The day the school secretary saw inside my soul

by Paige Parker

This is my favorite Eugene street sign. Hey, at least it's a town with a sense of humor.

This is my favorite Eugene street sign. Hey, at least it’s a town with a sense of humor


School secretaries give me the heebie-jeebies.

To be clear, any omniscient deity or quasi-deity holding sway over many vulnerable people frightens me. The pope. SEC football coaches. Labor and delivery charge nurses. The former office manager of the newspaper where I once worked — a benevolent woman of great and terrible powers.

But no one wigs me out quite like the middle-aged woman manning the desk of every elementary school I’ve ever walked inside. Every scrap of paperwork in the school passes through her hands. She knows every dirty secret, and she knows it first. Every budget cut. Every divorce. Every nasty bully-in-the-making. She sees it — and she remembers it.

So I kept my eyes down and my voice meek this week when I dropped off my son’s kindergarten enrollment forms. I’d planned to simply slide them onto the secretary’s desk and bolt before she could see inside my soul and ask about all the empty wine bottles in our glass recycling bin. (We only take it to the curb once a month, I swear! Oh, Pearl Street neighbors, your judgment, it burns, it burns!)

“Just a minute,” the secretary said as I skittered away. “I need to look over these forms and make sure they’re complete.”

“Of course,” I said, resisting the urge to glance at my phone, lest she snatch it and lock it in a drawer for the rest of the day. She can do that. This is her house.

“Are you new in town?” she asked.

“No, we’ve lived here two years,” I said.

“Well, there’s only one person listed in the emergency contact section,” she said. “Generally, we like to see several contacts, just in case. Don’t you have any more friends you can add?”

And there it was. Just like that — like a Nordstrom bra-fitter or a Jungian psychotherapist, she’d bared my great truth:

I might live in this town, but it ain’t home.

We’d only lived in Eugene about four months when I stopped trolling the real estate listings and told my husband not to bother hanging up anything more on the walls of our rental.

“You’re taking me back to Portland,” I said. “It’s just a matter of time.”

I could list the reasons why I prefer Portland to Eugene, but it’d bore you. Suffice it to say that living here has felt like I’ve been wearing the tightest jeans in my dresser drawer every day for two years, only the jeans are tie-dyed, and bell-bottomed, and were sewn in 1974.

A few weeks ago I gave my students a lesson about asking open-ended interview questions. They paired up to practice, with one student left to interview me.

“What do you like about Eugene?” she began.

“I don’t,” I said.

“Really?” she said.

“Really,” I said.

“Why?” she asked.

“Well, I don’t have many friends here,” I said.

“Why?” she asked.

“Probably because when I meet someone new, and they ask if I like Eugene, I say I don’t,” I said.

“I can see why that might make it difficult to make friends,” she said. “It’s a bit of a conversation killer.”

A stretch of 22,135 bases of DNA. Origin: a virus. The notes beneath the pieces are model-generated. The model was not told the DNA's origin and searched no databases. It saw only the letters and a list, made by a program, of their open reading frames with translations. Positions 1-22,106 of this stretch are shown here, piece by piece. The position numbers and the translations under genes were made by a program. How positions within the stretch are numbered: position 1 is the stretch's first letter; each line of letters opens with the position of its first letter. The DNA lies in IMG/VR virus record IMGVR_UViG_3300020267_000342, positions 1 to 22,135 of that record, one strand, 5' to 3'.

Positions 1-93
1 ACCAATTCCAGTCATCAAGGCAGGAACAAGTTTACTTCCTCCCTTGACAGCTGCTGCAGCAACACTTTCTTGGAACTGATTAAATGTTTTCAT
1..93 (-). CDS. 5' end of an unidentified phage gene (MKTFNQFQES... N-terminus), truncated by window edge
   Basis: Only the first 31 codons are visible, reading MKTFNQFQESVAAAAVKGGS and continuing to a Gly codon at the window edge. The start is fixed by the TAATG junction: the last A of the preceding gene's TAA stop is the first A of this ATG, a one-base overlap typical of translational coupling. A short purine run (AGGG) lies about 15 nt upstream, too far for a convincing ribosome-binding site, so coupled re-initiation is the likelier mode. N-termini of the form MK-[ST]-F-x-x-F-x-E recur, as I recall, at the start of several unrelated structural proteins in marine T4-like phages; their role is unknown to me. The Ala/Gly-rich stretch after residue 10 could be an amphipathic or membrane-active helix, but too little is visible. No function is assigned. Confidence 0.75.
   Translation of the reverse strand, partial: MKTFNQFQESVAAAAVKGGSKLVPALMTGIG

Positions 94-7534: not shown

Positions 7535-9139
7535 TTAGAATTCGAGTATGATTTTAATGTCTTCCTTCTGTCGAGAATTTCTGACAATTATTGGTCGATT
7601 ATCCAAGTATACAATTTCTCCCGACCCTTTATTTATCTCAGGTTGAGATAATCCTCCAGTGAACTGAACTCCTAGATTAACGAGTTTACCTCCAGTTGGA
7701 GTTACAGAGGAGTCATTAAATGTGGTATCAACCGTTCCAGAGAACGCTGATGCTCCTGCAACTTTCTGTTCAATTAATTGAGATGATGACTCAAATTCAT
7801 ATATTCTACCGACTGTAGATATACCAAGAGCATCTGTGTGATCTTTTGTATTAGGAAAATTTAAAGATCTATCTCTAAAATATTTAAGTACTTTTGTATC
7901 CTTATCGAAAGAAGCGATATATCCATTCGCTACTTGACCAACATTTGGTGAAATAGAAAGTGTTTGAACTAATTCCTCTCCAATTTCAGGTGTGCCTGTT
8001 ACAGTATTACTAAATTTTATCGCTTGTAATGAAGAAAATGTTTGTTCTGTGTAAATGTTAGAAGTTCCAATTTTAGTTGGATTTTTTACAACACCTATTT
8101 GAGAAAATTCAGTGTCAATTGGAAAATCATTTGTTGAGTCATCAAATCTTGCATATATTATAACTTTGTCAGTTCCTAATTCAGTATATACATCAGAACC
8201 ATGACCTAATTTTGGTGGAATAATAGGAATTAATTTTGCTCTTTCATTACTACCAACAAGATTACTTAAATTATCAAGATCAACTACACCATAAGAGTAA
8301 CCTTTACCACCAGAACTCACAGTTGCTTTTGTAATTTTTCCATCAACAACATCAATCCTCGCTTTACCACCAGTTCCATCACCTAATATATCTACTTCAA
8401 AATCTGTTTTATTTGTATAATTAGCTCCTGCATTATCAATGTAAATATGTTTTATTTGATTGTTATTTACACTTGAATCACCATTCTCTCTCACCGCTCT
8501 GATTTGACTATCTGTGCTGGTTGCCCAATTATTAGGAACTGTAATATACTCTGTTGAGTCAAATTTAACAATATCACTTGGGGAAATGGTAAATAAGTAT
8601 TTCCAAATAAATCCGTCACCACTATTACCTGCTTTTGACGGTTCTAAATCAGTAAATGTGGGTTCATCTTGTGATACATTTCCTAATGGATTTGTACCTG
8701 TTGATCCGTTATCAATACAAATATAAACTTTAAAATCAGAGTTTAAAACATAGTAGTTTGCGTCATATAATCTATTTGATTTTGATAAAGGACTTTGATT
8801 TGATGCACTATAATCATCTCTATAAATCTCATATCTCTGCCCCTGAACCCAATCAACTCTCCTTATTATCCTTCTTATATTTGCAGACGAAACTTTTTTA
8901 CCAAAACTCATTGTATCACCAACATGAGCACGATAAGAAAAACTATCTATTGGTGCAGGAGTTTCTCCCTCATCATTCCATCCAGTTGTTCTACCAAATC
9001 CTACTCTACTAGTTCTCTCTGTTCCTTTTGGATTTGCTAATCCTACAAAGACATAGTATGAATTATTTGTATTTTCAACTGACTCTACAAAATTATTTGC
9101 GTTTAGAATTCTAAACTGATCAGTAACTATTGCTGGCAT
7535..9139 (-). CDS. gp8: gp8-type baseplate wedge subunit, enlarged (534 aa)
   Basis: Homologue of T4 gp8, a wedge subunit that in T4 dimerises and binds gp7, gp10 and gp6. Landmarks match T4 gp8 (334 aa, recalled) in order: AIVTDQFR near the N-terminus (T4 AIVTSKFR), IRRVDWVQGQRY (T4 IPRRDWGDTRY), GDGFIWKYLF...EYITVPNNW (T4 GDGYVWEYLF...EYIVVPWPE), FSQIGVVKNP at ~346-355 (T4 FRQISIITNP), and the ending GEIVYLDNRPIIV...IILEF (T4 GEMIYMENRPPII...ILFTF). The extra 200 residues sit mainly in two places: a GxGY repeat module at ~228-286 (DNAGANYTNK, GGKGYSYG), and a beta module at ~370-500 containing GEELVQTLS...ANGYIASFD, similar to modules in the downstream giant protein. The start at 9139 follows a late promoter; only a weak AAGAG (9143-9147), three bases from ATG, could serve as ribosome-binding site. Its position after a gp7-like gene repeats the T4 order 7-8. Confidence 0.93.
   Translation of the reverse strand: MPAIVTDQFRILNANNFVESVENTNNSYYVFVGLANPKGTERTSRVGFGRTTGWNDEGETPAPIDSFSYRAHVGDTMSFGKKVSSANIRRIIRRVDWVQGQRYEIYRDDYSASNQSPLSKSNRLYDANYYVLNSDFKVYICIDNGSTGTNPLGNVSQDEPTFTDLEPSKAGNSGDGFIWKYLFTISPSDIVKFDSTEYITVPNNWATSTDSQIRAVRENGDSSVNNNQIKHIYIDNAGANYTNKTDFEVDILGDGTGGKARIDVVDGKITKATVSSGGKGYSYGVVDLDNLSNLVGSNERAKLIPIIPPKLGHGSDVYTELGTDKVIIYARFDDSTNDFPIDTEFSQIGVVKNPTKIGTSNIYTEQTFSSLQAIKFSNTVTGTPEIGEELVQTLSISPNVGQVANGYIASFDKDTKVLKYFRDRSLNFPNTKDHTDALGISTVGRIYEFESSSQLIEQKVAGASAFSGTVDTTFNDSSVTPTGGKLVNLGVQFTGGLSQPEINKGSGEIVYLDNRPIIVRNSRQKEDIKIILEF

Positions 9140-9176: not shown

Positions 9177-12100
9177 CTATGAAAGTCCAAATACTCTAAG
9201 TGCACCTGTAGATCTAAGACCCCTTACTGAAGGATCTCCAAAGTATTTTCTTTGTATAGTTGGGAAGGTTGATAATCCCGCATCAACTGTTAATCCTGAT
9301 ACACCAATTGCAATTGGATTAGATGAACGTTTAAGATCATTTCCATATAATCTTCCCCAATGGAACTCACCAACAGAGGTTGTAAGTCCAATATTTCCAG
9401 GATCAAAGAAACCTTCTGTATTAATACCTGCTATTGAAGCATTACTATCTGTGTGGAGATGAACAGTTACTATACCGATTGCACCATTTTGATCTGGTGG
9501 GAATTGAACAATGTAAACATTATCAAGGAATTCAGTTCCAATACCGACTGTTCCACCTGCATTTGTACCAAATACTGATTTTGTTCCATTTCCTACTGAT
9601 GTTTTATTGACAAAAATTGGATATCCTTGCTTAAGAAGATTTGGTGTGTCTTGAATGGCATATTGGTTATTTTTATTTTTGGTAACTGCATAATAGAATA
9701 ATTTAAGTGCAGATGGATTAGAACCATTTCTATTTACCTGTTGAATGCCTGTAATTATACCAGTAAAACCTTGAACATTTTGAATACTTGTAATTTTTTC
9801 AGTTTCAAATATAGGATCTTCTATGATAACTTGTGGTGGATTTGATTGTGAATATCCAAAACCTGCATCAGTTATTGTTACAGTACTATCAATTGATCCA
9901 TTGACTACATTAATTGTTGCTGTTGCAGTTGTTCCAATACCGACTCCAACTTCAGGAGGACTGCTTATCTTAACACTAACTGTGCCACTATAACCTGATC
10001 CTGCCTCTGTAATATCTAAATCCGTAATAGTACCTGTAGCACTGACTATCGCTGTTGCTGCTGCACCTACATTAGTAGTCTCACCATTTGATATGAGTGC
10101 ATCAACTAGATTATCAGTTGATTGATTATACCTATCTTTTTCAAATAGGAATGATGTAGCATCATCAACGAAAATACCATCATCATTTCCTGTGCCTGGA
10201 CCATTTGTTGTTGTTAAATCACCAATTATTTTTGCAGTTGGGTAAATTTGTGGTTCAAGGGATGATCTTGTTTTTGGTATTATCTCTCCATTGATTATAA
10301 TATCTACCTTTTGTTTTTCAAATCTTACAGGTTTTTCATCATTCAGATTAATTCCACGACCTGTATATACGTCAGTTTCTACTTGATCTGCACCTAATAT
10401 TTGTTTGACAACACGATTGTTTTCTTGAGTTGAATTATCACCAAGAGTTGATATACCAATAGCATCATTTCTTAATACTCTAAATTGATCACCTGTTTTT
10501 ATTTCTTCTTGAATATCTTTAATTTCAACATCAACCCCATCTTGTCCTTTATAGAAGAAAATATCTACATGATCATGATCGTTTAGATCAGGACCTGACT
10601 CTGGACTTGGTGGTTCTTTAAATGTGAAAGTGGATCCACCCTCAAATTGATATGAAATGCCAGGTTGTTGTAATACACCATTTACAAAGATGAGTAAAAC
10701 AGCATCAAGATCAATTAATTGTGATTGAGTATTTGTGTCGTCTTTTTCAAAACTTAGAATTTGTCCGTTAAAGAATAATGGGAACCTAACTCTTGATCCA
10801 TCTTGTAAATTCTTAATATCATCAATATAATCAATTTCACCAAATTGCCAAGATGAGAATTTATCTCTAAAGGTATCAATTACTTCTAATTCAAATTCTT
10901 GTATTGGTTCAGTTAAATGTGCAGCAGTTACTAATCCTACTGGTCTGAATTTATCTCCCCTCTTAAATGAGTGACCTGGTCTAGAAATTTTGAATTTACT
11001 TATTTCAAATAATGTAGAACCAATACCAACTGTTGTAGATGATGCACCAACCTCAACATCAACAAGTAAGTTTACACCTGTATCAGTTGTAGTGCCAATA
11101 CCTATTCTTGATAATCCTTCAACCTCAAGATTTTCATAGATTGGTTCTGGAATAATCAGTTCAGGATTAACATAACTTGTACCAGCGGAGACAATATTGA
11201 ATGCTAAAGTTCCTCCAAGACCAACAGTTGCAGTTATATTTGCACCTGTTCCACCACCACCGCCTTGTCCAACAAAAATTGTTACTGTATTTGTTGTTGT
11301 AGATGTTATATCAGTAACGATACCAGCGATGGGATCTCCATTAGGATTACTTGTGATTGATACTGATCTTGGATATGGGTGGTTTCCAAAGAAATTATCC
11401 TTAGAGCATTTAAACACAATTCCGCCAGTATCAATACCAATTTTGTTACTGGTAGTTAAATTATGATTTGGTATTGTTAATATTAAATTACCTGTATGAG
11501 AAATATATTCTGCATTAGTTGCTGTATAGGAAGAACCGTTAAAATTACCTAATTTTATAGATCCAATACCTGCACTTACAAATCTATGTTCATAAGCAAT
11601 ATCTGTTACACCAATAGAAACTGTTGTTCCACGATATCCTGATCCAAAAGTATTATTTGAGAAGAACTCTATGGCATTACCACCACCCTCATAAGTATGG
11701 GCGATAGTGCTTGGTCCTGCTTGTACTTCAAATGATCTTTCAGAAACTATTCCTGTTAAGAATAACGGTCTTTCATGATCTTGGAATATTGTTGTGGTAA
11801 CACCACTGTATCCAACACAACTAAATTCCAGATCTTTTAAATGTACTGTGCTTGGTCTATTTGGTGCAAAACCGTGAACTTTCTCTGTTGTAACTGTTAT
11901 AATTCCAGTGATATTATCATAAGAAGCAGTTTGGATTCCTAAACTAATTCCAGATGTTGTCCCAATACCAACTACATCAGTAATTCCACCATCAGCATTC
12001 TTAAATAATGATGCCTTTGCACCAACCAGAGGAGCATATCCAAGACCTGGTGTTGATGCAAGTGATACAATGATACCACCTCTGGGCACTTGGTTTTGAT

I had to let myself live with that for awhile, that moment of enlightenment, brought to me by the young woman who sits in the back of the class and asks the best questions.

Perhaps I need to actually get out there and embrace what makes Eugene, Eugene. Spend a morning at the Saturday market. Buy a bongo drum. Use it. Go to a football game. Pretend to follow along. Catch a show at the Hult Center without complaining loudly about how it looks like the inside of an Easter basket. Stop being such a grumpy old bitch, you know?

I relented. I asked my husband to hang a new picture on our wall. It’s a picture of the Portland map grid. I didn’t relent much.

And then, just to make sure I was paying attention, the universe introduced me to the Edgewood School secretary.

“Maybe you could try to get to know one of your neighbors?” she suggested. “It’s never too late to make friends!”

What’s next? Life coaching from the lunch lady? But I let myself live with that awhile, too. This life post may turn out to be temporary, but shouldn’t I allow myself to get something out of it, instead of stomping like a petulant child through the streets of Eugene?

Or, if I can’t manage to become civically entwined, can I at least let myself find home at home, with my husband and my kids?

“What are you doing?” my husband asked me one evening, seeing me guiltily slam shut the laptop.

“Definitely not looking at Portland house listings!” I said, and he sighed, defeated, and I felt like a jerk. Time to remove the needle from the marital toolkit.

When a Portland friend asked how I was doing, I reheated the old Eugene grumble-hash. (No, not that kind of hash. Jesus. Is everyone in this town high on something?) Anyway, she listened patiently for a while before cutting in:

“But you know what? You will always remember this period in your life as the time when you took a chance and moved away from everyone and everything you knew and had only each other to count on. This time becomes a part of you,” she said.

It’s not wasted time, in other words.

Not unless I waste it.